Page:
Policy challenges—equity, public investment,
Thailand faces several critical policy challenges. One is inequality, which
undermines social and political stability with associated risk...
s to investor
confidence. Inequality is reflected in large rural–urban and regional gaps
in incomes and access to social and economic services (Figure 3.30.12).
Such structural problems are unlikely to be resolved by ad hoc measures
to boost incomes through subsidies and tax concessions. More effective
targeting of public investment in social and physical infrastructure will
be important to address these concerns.
A second issue is inadequate public investment, which dents the
country’s competitiveness. Public investment as a ratio to GDP has
declined over many years (Figure 3.30.13). The World Economic Forum
ranks Thailand 38th of 144 countries in its
. However, Thailand’s ranking sinks to 46th for
infrastructure and lower still for railway, port, and telephone components
of infrastructure. Also of concern is the country’s lowly ranking on basic
education, at 89th, and on adoption of technology, at 84th. A separate
World Bank benchmark that measures the performance of logistics
ranked Thailand 38th of 155 countries in 2012, below the PRC and
Public investment is needed in transport infrastructure to reduce
logistics costs and in water management infrastructure to mitigate the
social and economic impacts of climate change and flooding. Increased
investment in social infrastructure is needed to ensure equitable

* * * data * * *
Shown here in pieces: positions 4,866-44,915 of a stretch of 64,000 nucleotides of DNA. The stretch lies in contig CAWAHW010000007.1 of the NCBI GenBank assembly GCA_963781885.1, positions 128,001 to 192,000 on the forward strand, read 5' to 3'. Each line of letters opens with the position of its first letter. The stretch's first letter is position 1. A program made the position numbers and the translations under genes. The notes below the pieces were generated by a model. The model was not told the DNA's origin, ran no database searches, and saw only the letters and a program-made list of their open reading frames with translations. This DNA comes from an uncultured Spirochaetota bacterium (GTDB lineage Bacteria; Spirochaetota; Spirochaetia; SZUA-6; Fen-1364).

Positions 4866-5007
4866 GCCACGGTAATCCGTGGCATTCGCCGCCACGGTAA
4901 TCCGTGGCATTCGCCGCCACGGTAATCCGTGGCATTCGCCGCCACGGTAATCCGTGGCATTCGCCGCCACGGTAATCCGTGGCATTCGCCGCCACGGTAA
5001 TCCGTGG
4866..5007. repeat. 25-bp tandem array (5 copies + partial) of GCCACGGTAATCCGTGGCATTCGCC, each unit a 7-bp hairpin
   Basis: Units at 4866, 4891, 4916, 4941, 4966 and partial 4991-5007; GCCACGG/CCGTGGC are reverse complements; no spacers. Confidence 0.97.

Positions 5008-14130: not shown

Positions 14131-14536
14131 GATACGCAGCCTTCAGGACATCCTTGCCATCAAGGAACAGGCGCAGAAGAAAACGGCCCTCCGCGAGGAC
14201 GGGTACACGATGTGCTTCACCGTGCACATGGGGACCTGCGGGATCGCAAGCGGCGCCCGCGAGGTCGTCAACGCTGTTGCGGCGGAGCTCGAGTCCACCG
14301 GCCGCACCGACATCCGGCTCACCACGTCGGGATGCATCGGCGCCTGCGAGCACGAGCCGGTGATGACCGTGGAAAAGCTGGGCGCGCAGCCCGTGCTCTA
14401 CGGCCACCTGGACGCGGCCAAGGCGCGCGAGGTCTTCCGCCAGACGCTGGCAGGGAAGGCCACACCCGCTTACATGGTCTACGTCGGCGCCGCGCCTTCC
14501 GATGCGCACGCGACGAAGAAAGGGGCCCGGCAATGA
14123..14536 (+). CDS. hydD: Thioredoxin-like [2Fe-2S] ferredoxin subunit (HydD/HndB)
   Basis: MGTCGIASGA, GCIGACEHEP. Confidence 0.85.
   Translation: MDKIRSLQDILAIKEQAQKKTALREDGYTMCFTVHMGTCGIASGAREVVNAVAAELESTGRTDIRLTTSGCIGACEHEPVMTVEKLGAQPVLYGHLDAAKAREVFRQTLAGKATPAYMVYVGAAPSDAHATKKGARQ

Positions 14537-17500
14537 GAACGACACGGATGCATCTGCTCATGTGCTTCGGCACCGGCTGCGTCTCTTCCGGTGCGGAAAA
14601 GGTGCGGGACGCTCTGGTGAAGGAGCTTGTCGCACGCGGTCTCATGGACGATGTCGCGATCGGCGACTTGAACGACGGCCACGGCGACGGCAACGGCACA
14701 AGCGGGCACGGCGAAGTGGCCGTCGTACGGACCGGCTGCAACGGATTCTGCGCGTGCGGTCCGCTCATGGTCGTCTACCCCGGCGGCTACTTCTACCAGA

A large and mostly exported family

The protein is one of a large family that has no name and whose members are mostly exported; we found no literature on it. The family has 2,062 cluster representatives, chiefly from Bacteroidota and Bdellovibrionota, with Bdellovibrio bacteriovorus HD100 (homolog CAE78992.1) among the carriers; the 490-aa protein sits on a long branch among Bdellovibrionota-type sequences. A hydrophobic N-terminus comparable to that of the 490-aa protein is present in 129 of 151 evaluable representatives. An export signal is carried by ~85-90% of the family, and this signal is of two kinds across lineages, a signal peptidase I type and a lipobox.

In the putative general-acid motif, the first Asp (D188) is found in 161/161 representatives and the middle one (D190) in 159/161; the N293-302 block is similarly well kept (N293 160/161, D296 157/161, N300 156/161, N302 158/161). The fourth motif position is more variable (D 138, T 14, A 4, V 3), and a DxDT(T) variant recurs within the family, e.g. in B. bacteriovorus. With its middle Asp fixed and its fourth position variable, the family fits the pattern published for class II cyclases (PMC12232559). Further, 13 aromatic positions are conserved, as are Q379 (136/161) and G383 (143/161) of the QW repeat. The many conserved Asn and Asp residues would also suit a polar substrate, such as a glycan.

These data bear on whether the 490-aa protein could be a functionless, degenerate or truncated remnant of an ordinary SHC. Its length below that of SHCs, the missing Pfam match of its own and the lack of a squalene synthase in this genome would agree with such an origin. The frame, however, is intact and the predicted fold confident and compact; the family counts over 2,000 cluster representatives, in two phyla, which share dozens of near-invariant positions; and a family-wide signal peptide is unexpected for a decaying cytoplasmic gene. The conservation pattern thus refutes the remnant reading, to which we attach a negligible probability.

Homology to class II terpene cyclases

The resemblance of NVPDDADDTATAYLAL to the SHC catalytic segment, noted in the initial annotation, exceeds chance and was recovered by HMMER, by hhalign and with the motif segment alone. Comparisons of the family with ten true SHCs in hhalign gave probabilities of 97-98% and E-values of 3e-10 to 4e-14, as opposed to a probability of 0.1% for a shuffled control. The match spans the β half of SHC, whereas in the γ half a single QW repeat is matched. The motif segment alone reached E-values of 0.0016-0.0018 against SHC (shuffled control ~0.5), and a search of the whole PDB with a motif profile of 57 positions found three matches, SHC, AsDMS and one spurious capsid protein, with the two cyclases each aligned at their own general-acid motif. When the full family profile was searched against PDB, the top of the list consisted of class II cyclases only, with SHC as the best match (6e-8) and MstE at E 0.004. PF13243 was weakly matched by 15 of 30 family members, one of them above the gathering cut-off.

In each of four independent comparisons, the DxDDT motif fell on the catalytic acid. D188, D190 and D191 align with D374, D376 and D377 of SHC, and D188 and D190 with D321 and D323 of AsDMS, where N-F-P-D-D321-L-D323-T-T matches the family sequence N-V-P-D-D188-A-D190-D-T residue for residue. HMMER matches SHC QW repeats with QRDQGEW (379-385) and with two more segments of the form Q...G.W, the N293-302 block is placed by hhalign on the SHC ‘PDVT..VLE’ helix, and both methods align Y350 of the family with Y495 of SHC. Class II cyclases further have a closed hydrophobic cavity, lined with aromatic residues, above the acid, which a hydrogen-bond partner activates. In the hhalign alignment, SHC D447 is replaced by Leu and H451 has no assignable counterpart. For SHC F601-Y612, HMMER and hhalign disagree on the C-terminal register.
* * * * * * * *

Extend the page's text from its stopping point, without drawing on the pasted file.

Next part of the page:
improvements in skills and social capital that will boost creativity and
productivity to generate sustained gains in living standards.
Mobilizing and effectively managing resources to ensure more
equitable, efficient, and effective delivery of public services is one of
Thailand’s most pressing challenges. The government lacked resources for
public investment following the 1997 Asian financial crisis. More recently,
political instability has interrupted the planning and implementation of
large public investment projects. Moreover, the government prioritized
spending on fast-disbursing stimulus programs when the economy
slumped during the global financial crisis in 2008–2009 and after the
extreme flooding in 2011. Large public finance allocations were directed
at incentives for first-time buyers of cars, pay rises for the public service,
tax cuts for companies, popular measures such as the diesel fuel subsidy,
and subsidized rice purchases from farmers.
The government is now beginning to address declines in public
investment with significant multiyear programs for water management
($11.7 billion) and transport infrastructure (as much as $67 billion),
funded off-budget. However, considerable uncertainty surrounds the pace
Investment in transport infrastructure aims to reduce logistics
costs by 2 percentage points, from about 15% of total production costs.
Most of the investment in transport will go to rail networks to improve
transport links within Thailand and to neighboring countries. The water
management projects are designed to mitigate the social and economic
impact of flooding and better manage water resources.
While the commitment to increased public investment is a positive
development, off-budget programs have the disadvantage of compromising
transparency. Instead, increases in budget funding for public investment
could be generated by broadening the tax base or phasing out the
economic stimulus programs. The government could also consider
amending the Public Debt Management Act to raise borrowing limits
while maintaining its fiscal sustainability framework to keep public debt
below 50% of GDP.
This leads to a third challenge: the need to improve public sector
management and accountability, and to fight corruption. This will become
increasingly important as public investment expenditure rises.
Source: National Economic and Social Development Board.
http://www.nesdb.go.th (accessed 19 March 2013, CEIC database (accessed 2 April 2013). http://www.ceicdata.com/countrydata?country=TH&dataset=Consumer%20Price%20Index%3A%20Y-o-Y%20Growth
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